MONTGOMERY WARD’S FOURTH-QUARTER LOSS SAID TO BE $160M
Byline: Sidney Rutberg
NEW YORK — With Montgomery Ward bleeding cash — reportedly $160 million in the fourth quarter — factors are hoping majority owner General Electric Capital Corp. will step in with additional financial support for the struggling retailer.
In the first nine months of 1996, the company lost $120 million before tax benefits of $48 million. Sales were off about 10 percent to $4 billion.
Although fourth-quarter figures haven’t been posted yet, sources said the loss for the period will be in the neighborhood of $160 million, reflecting heavy markdowns.
Meanwhile, the retailer is in the midst of a restructuring, searching for a clear niche and narrowing categories that haven’t been successful.
One factoring executive called Ward’s retail business “completely out of control.”
According to a company letter accompanying the third-quarter 10-Q, results were hurt by competitive conditions and the cost of clearing out merchandise in repositioning the company.
The plans are to narrow hardlines and apparel assortments, emphasizing denim, activewear, team sports wear and Disney and Warner characters.
The letter notes that aggressive clearance efforts in the fourth quarter should enable the company to enter 1997 with “improved inventory content.”
As a result, the letter concludes, “management expects earnings to rebound in 1997 due to fewer markdowns and improve sales and total margin rate.”
Essentially, factors are hoping for an injection of new capital or credit guarantees from GECC. But attempts to obtain GECC’s guarantees have been unsuccessful, according to several factoring executives.
Factors are moving to limit their exposures, which are huge, reportedly in the tens of millions of dollars. They are either trying to share the risks on shipments to Ward’s with their clients or are holding back on new shipments until payments are received on older shipments.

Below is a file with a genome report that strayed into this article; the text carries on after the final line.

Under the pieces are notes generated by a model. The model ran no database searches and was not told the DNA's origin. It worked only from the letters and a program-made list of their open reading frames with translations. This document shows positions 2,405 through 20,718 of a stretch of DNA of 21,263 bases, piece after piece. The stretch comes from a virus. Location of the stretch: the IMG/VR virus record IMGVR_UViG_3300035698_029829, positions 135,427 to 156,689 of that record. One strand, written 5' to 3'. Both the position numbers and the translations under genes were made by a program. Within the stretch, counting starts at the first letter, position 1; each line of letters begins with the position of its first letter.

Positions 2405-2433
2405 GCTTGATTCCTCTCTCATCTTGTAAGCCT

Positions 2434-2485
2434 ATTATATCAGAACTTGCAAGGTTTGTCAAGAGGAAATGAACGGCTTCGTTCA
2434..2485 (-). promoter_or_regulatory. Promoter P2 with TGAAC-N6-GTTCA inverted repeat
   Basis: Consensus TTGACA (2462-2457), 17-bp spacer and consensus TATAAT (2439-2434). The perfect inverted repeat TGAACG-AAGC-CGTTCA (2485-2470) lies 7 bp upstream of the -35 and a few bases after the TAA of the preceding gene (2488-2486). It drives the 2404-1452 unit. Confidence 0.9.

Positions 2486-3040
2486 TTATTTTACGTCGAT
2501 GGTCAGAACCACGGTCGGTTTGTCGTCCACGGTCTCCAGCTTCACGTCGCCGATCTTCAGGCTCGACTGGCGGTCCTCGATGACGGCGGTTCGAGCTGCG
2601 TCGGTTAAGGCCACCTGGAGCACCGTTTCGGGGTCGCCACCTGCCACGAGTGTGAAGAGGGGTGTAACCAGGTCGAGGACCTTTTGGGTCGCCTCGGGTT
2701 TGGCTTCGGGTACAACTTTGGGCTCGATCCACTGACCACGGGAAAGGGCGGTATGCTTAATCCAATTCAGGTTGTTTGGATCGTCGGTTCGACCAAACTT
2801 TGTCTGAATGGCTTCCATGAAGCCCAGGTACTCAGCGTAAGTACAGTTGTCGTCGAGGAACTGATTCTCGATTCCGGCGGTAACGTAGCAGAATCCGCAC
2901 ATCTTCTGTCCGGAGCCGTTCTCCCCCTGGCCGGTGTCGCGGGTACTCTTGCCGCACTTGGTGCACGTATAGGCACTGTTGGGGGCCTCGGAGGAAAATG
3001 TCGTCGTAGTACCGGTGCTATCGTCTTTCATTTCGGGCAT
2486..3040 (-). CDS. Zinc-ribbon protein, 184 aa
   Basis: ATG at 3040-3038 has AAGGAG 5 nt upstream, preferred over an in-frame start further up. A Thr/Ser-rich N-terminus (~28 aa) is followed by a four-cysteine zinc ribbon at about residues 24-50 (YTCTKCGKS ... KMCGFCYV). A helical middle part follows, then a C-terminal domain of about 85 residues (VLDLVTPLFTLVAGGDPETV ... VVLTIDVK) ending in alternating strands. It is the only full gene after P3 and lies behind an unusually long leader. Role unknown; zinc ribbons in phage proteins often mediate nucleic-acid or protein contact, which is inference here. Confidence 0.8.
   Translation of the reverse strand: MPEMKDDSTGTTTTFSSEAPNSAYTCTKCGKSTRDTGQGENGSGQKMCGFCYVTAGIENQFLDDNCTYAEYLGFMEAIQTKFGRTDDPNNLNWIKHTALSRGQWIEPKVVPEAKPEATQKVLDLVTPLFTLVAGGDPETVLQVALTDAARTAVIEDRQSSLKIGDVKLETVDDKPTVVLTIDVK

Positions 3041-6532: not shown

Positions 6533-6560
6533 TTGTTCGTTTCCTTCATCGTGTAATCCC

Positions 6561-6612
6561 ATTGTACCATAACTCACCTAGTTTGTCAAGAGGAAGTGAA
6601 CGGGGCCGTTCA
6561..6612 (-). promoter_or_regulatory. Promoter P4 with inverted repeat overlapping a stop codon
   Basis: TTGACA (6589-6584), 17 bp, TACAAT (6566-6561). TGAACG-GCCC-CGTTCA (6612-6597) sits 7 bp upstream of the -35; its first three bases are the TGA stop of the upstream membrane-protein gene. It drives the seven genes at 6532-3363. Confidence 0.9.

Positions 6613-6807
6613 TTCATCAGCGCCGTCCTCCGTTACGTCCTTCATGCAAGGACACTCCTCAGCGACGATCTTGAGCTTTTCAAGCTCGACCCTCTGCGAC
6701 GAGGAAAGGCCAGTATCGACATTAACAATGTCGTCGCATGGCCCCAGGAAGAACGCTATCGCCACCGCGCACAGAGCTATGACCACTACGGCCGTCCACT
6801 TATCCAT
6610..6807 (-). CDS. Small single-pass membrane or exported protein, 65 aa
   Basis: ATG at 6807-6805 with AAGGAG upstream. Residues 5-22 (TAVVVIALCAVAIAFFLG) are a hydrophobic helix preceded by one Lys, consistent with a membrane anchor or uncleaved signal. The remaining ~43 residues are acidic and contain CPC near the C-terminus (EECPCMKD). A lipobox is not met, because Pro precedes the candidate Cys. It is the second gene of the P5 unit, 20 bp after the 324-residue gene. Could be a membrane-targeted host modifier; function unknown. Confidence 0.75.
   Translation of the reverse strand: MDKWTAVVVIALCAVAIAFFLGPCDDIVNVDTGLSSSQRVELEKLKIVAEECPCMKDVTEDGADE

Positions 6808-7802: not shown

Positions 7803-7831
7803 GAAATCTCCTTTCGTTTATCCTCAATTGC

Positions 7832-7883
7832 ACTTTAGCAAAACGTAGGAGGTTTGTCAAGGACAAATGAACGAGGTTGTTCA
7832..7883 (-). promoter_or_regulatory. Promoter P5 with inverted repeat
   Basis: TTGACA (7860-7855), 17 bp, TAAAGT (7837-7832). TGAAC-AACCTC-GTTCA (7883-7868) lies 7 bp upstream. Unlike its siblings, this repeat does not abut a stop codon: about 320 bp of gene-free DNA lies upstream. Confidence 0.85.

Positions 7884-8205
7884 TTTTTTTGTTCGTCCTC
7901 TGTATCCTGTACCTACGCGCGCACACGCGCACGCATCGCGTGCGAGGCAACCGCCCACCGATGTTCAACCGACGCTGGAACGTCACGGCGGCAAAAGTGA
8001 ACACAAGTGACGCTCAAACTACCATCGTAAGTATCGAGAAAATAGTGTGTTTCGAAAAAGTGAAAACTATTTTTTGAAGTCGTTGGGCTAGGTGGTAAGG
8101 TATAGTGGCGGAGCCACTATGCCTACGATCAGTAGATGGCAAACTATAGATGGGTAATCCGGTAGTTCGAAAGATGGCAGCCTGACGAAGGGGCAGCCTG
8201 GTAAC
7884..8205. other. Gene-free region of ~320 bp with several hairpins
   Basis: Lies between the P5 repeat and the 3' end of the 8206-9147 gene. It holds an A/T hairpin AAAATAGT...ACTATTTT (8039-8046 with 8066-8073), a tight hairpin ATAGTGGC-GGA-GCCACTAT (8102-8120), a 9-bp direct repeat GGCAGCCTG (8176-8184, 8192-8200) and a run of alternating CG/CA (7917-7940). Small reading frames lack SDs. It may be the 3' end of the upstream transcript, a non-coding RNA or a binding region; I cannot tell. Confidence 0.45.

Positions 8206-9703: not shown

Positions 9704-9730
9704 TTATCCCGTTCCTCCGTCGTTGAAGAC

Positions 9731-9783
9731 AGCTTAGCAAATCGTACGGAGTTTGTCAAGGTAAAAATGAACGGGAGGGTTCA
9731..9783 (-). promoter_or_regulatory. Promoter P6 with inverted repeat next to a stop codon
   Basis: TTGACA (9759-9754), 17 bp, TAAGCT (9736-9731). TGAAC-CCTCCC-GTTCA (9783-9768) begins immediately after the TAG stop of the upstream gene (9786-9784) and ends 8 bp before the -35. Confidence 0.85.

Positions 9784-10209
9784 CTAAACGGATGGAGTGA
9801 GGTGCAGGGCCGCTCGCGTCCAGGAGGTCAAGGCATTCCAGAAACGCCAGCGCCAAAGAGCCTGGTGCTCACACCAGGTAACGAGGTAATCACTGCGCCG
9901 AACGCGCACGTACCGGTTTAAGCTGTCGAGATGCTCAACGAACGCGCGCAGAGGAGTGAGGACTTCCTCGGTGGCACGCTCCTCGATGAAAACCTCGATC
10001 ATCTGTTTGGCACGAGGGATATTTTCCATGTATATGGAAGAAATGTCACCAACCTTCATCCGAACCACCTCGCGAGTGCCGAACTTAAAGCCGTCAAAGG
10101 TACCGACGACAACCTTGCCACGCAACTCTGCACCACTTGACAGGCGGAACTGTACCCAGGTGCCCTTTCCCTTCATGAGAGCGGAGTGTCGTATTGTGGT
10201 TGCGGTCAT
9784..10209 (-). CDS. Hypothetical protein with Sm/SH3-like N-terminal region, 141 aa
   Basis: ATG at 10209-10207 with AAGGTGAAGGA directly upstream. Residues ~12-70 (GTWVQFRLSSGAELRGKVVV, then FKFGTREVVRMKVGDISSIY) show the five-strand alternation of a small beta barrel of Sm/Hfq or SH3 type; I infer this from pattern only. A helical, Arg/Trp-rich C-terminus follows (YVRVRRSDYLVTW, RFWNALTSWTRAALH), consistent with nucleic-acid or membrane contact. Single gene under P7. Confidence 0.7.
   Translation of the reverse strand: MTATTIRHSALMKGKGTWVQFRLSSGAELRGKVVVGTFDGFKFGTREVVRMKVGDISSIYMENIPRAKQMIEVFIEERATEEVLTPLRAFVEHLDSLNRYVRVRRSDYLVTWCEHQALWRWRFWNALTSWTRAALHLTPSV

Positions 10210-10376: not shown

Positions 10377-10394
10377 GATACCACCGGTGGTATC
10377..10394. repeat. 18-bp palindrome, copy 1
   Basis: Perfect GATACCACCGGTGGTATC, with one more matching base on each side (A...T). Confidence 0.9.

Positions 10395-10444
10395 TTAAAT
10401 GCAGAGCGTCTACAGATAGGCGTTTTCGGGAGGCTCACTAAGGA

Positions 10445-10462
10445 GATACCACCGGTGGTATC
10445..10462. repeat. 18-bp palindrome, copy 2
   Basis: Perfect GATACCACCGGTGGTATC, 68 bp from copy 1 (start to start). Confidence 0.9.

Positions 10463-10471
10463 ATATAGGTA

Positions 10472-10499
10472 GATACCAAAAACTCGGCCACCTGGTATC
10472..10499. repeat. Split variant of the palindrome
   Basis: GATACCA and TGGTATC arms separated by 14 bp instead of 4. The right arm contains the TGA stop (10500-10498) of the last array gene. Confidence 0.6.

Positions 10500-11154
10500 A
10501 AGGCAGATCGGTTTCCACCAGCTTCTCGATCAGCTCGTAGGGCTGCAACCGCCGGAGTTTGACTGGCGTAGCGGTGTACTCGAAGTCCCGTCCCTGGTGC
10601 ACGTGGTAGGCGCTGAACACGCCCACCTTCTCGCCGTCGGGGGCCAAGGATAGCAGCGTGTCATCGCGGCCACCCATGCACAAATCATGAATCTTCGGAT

Some factors are working out deals calling for the client to take the first 20 to 25 percent of any credit loss, with the factor eating the rest. This arrangement roughly covers the clients’ costs of merchandise shipped and limits the factor’s exposure.
In response to queries about the reports from factors, Ward’s issued the following statement to WWD on Friday:
“Montgomery Ward has a supportive bank group, which provided added liquidity to the company in late 1996 in the form of additional and significant new banking facilities. “Contrary to previous press reports, these facilities provided significant liquidity for Ward for 1997.
Ward’s buying volume and strategic vendor relations continue to provide the company with ongoing supplier commitments. In the light of our liquidity, which is more than ample to cover our operating needs, Montgomery Ward has initiated discussions with selected trade sources in order to obtain financial benefits from renegotiated payment terms. The factoring and vendor communities continue their support of Montgomery Ward.”